Fall AgainFall Again

Death Chute into Rock Glacier

October 03, 2015  •  Leave a Comment

Death Chute into Rock Glacier

Fall is the best time of year.  It’s especially nice to be on top of a Colorado 14er in the fall.  Lightening is much less common.  The crowds are much lighter than in summer.  Sure, the temperatures are cooler, but the conditions are still manageable and comfortable - unless, of course, a freak snow storm ruins the day.

I couldn’t pass up the opportunity to go back to the San Juan Mountains to meet up with other 14ers.com people and make another run at Red Cloud and Sunshine Peaks.  It was our Fall Gathering event.  Last year on this same weekend we attempted the same climb unprepared for waist-deep snow and penetrating cold winds.  This year the mountains gave us more inviting conditions.

The group had reserved the entire Mill Creek Campground just a few miles from the trailhead.  Brian and I met up right outside of Gunnison on the drive from Denver, arriving at camp sometime around 8:30pm Friday night.

We were up and riding along a shelf road portion of CR 30 at sunup the next morning to the Silver Creek / Grizzly Gulch trailhead.  Grizzly Gulch leads to Handies Peak and the American Basin.  We took Silver Creek NE toward our first summit of the day, Red Cloud Peak.  Continuing along CR30 is the road through Cinnamon Pass, part of the Alpine Loop Scenic Byway; it would have been spectacular a week previous at the peak of the fall colors.  By now most of the trees had shed their leaves.

The Silver Creek route was my last hike of the year in 2014, missing the summit by 800 feet in elevation – not this year.

The people that are part of this 14er community are incredible.  We met Scott and his son on the way up.  Scott has over 2000 summits to his credit all over the world.  His pre-teen son has over 400.  We also met a mother-daughter couple.  The daughter was recovering from an ankle injury encouraging her mother to take on two peaks that day.  We met a few people who traveled from Illinois to climb some mountains.  A man in a straw hat had a yack horn he brought from Nepal.  He would blow that horn on top of every summit.  We met a mother/father/daughter group that had climbed Sundog, Sunshine, and Red Cloud summits before we summited just one.  Later in the day Brian had met a small group and their two dogs that had climbed 25 miles of trails and peaks that day.  The inspiring people on these trails are part of the reason I continue to venture out into these wonderful places.  The mountains seem to attract those who have a desire to fill their life with challenge and experiences to mock the daily grind.  I love that I have found a kindred spirit in these people and places.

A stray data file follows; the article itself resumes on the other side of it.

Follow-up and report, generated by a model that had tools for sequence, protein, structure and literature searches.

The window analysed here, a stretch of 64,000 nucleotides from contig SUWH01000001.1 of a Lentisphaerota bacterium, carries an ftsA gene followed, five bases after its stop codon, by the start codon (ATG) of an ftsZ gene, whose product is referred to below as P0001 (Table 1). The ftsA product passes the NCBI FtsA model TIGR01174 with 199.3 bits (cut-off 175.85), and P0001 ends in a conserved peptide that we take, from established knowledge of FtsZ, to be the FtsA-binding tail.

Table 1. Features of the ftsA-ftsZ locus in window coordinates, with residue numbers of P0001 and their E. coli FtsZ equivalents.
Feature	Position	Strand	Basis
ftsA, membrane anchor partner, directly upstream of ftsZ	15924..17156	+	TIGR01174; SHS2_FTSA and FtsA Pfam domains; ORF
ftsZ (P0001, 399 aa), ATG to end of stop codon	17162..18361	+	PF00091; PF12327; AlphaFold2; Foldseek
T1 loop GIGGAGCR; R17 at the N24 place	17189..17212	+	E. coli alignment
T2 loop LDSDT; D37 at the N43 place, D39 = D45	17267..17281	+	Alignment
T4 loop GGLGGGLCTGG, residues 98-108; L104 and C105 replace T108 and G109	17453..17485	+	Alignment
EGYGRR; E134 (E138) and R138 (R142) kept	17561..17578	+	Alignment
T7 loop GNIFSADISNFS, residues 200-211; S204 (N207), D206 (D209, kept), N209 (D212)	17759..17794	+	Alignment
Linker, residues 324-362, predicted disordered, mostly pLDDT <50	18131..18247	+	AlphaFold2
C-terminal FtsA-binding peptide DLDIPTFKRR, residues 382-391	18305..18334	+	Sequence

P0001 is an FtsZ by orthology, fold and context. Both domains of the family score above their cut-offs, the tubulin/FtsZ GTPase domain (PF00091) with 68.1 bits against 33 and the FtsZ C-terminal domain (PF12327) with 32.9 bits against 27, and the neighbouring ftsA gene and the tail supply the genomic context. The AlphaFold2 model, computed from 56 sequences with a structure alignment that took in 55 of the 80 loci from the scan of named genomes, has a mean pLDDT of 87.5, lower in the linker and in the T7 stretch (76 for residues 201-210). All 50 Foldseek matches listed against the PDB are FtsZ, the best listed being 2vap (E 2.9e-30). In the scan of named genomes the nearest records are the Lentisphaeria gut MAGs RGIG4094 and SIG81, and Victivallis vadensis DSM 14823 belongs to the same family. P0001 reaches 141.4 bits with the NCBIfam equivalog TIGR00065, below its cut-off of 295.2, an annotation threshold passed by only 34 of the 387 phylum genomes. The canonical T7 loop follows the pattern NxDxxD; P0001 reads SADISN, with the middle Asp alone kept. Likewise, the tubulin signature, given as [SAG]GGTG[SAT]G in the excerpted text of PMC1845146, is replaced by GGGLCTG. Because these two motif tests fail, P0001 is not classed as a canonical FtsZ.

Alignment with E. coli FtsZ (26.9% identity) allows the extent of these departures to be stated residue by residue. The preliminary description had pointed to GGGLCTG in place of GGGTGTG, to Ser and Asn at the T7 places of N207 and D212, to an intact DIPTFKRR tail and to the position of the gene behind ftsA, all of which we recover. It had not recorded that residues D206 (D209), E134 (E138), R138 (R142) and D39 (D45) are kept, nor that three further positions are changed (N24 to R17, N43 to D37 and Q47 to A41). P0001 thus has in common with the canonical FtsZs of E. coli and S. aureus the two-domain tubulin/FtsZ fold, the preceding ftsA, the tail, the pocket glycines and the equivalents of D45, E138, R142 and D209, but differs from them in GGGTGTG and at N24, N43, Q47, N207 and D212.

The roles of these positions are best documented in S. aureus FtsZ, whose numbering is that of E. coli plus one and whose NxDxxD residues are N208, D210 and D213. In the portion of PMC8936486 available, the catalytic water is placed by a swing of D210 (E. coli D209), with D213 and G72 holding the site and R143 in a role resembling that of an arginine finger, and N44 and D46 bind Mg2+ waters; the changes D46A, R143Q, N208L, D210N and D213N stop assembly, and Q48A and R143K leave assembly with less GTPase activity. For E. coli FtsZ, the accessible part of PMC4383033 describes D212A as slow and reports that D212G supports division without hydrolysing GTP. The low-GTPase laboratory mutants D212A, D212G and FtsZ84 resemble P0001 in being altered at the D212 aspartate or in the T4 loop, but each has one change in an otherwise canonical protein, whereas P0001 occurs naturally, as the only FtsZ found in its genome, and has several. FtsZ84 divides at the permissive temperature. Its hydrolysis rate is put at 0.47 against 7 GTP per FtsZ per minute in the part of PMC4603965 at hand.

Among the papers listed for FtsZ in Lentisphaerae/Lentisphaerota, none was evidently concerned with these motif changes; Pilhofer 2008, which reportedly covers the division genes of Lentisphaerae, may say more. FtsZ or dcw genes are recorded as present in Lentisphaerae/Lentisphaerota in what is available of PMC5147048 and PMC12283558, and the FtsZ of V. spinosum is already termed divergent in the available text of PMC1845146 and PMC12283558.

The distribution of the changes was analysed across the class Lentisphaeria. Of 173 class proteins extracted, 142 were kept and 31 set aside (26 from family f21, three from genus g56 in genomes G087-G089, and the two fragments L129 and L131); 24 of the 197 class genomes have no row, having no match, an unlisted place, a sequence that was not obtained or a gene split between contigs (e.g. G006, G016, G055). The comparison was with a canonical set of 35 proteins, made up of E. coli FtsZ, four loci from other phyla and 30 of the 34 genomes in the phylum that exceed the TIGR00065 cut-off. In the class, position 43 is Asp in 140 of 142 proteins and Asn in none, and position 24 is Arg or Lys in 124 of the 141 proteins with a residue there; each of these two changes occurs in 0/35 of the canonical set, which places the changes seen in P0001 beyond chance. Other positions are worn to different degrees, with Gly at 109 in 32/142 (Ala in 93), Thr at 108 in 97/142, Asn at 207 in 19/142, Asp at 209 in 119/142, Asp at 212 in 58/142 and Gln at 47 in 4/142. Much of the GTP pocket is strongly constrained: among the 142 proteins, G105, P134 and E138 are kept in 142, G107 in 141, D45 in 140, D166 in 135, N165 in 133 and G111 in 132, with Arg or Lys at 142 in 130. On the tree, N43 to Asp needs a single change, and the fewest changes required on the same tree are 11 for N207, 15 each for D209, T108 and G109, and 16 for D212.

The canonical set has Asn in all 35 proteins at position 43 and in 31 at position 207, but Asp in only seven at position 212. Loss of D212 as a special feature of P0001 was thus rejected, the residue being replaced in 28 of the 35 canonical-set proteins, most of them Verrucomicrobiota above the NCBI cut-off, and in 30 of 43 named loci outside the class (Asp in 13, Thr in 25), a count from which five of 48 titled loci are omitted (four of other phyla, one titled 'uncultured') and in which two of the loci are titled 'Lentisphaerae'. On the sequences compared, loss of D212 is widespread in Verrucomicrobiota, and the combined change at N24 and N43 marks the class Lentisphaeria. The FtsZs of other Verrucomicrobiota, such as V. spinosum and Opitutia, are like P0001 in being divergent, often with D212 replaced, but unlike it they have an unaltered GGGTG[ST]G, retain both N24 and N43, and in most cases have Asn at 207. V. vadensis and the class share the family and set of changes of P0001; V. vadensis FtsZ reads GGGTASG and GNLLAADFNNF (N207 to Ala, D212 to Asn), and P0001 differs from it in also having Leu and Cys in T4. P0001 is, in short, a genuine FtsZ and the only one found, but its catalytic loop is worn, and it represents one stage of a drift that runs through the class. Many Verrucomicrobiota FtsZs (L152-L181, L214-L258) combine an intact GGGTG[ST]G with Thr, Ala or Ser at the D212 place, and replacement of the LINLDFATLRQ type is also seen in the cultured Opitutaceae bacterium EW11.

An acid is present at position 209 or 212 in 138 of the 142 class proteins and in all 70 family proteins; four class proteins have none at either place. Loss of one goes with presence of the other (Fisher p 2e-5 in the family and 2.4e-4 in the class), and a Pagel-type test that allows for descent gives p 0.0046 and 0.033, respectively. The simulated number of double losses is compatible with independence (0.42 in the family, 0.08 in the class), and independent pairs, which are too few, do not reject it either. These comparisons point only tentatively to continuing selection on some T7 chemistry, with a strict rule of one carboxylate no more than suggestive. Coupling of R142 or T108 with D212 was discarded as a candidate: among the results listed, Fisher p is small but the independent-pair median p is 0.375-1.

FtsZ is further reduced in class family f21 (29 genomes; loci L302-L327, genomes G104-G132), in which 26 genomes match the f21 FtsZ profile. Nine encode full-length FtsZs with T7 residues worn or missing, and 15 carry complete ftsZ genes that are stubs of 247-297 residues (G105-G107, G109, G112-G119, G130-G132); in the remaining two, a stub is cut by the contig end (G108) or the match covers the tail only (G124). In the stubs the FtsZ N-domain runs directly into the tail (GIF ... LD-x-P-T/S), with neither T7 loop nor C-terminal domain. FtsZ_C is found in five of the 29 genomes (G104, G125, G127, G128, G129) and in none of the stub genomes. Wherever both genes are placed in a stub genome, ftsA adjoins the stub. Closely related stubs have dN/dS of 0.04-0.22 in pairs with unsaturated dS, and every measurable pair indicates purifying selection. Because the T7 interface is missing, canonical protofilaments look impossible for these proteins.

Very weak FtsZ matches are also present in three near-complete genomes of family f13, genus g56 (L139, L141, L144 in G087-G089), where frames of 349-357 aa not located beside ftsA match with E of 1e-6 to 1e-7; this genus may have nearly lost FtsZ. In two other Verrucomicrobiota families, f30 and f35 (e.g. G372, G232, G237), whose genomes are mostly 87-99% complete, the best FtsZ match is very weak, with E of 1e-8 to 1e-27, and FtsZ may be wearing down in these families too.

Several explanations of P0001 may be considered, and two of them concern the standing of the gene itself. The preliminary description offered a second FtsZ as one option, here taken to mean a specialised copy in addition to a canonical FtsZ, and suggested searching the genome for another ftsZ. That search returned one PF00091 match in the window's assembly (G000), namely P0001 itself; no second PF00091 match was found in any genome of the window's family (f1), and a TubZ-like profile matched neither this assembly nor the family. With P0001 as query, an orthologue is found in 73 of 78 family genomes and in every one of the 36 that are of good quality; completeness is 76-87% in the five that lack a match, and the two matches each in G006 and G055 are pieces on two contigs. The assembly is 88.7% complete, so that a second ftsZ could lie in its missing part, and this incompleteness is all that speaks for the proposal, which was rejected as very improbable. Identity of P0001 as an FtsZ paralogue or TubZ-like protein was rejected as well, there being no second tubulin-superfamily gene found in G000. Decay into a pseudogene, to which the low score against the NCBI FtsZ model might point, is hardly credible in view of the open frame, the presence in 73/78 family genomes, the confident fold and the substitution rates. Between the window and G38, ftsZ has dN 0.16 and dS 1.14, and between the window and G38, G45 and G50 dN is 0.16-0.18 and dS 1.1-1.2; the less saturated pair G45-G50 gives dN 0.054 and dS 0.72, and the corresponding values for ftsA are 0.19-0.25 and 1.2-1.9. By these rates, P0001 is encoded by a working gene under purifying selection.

David Mitchell wrote, “… there ain't no journey what don't change you some.” That’s what I’m after, and that is exactly what happens every time I’m out on these trails.

Along Silver Creek we came across an ice bridge still remaining from last year.  It formed a tunnel 15 feet long and 8 feet high.  In the shadows of the hills are pleasant surprises.  We took a few pictures and moved along.

The saddle at the head of Silver Creek and our first glimpse of Red Cloud were a couple hours into the climb.  The color and shape of Red Cloud Peak became its name. The dark red rock and dirt especially on the summit is caused by oxidation of the iron content. This is mostly volcanic rock.  The 30 mountain peaks over 13,000 feet and the two 14,000 foot peaks we climbed today are all part of the Red Cloud Peak Wilderness Study Area that was designated in 1980.